In the final book in the digital “BANK” series, Brett King tackles the topic of whether banks have a future at all in the emerging, technology embedded world of the 21st century. In 30-50 years when cash is gone, cards are gone and all vestiges of the traditional banking system have been re-engineered in real-time, what exactly will a bank look like? How will we reimagine a bank account, identity, value, assets, investments? Then stepping back from this vision of the future, King and his cadre of `disruptors’ and Fintech mafia chronicle the foundations of this new banking ecosystem today. From selfie-pay in China, blockchain in Africa, self-driving cars with their own bank accounts and augmented reality tech that informs the future design of banking systems, this proves once and for all that we’re not in Wall Street anymore Toto. Bank 4.0 is what banking will become.
Q. When is a book about banking, not really about banking?
A. When it is by Brett King and it is about the future.
This book does potentially conclude a series of recent books Brett has written about banking. We may not quite be at the beginning of a brave new world of banking, but the train has definitely left the station marking the end of what we have known to date. In reviewing King’s latest book it is as enjoyable, provoking and wide ranging in references as any of his recent books (Augmented for example). This ensures that it is an accessible and readable book for a much wider audience than just bankers. His opening point of reference. Elon Musk’s successful attempt to reconfigure the space industry, by returning to first principles and consequently bringing down costs by 90%, is a telling and prescient analogy. Banks, and bankers are deeply set in their ways, but just because something has been done the same way for centuries, it is no reason to continue doing so in the future. Whether traditional banks themselves are able to respond to this challenge or not is their own existential issue. However for the wider society the innovations in how we live our lives will drive adoption, and potentially leave existing banks in the dinosaurs graveyard if they can’t deliver the products and services that we, as consumers want to see.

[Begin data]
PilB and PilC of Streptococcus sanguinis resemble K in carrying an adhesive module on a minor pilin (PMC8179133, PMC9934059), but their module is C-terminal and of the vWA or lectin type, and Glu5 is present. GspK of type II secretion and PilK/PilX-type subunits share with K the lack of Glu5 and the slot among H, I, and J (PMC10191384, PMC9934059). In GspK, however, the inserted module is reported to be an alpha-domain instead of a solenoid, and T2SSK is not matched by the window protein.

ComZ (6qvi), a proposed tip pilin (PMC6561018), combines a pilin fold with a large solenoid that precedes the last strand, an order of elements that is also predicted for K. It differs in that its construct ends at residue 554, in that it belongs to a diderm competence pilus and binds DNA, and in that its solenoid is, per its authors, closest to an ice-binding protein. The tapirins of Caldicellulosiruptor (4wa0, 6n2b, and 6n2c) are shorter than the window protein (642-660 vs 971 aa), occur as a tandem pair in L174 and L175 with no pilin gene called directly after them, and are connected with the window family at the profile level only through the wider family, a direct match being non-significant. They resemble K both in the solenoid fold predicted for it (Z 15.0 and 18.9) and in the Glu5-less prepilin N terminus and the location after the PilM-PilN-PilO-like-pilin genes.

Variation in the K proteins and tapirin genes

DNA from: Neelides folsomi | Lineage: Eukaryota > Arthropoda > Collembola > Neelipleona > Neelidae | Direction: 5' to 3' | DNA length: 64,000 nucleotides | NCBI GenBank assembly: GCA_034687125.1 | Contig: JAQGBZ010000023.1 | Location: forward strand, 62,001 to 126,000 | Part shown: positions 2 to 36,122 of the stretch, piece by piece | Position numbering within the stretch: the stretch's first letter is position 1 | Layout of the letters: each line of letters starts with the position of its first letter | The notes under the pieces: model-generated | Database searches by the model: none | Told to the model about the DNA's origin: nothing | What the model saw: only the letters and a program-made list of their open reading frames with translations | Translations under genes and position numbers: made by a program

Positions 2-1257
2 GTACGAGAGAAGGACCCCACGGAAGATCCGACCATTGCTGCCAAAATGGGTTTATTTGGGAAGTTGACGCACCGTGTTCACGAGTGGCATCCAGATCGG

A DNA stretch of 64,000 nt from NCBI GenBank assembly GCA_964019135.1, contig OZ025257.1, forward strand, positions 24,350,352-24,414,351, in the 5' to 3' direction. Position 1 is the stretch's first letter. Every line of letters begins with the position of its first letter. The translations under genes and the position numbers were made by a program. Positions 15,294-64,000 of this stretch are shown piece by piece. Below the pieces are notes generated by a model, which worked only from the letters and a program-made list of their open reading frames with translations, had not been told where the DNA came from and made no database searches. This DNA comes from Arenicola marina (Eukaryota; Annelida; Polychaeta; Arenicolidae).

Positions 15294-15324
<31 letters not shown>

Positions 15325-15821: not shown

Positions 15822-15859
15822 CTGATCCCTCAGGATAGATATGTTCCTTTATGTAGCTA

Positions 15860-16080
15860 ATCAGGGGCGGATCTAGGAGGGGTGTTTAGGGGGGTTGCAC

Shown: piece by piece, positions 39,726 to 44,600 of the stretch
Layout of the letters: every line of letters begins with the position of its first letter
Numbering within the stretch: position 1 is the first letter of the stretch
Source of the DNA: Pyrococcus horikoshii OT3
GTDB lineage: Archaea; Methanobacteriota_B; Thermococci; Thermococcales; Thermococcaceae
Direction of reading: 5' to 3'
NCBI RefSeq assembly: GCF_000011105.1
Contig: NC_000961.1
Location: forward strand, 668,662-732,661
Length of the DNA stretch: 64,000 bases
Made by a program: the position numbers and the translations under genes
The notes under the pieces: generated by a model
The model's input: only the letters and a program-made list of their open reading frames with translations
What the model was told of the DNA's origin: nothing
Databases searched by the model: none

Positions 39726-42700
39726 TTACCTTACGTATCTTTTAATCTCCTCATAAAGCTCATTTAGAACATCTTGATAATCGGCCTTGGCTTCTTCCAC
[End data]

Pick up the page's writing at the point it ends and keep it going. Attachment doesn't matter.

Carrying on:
Throughout the book you are frequently brought to the conclusion that this is not so much a book about banks and banking, but rather how we will live our lives in the future, with or without traditional banks servicing our needs. This book is titled Bank 4.0, following on in a sequence of books Brett has previously published over the last decade. On reading this book however you do wonder if there will be a need to even consider Bank 5.0, because in the very near future, seamless movement of payments for services will potentially negate the need for traditional banks. As King suggests, if we were designing a bank in 2018, would we even bother with branches when most of us want our services delivered in real time via our mobile or desktop applications. Physically travelling to a branch location, and having to do so within limited opening hours sounds more and more anachronistic the more you describe it. In this context, a similar feeling emerges when you consider many other elements of our current banking systems.
In these examples, and many more, this is an enjoyable, insightful, and thought provoking journey that King takes us on. For these reasons this is very much a book for anyone who is interested in considering how our future lives will be, rather than just C-level banking executives frantically wondering how, or if they can even future proof their own careers.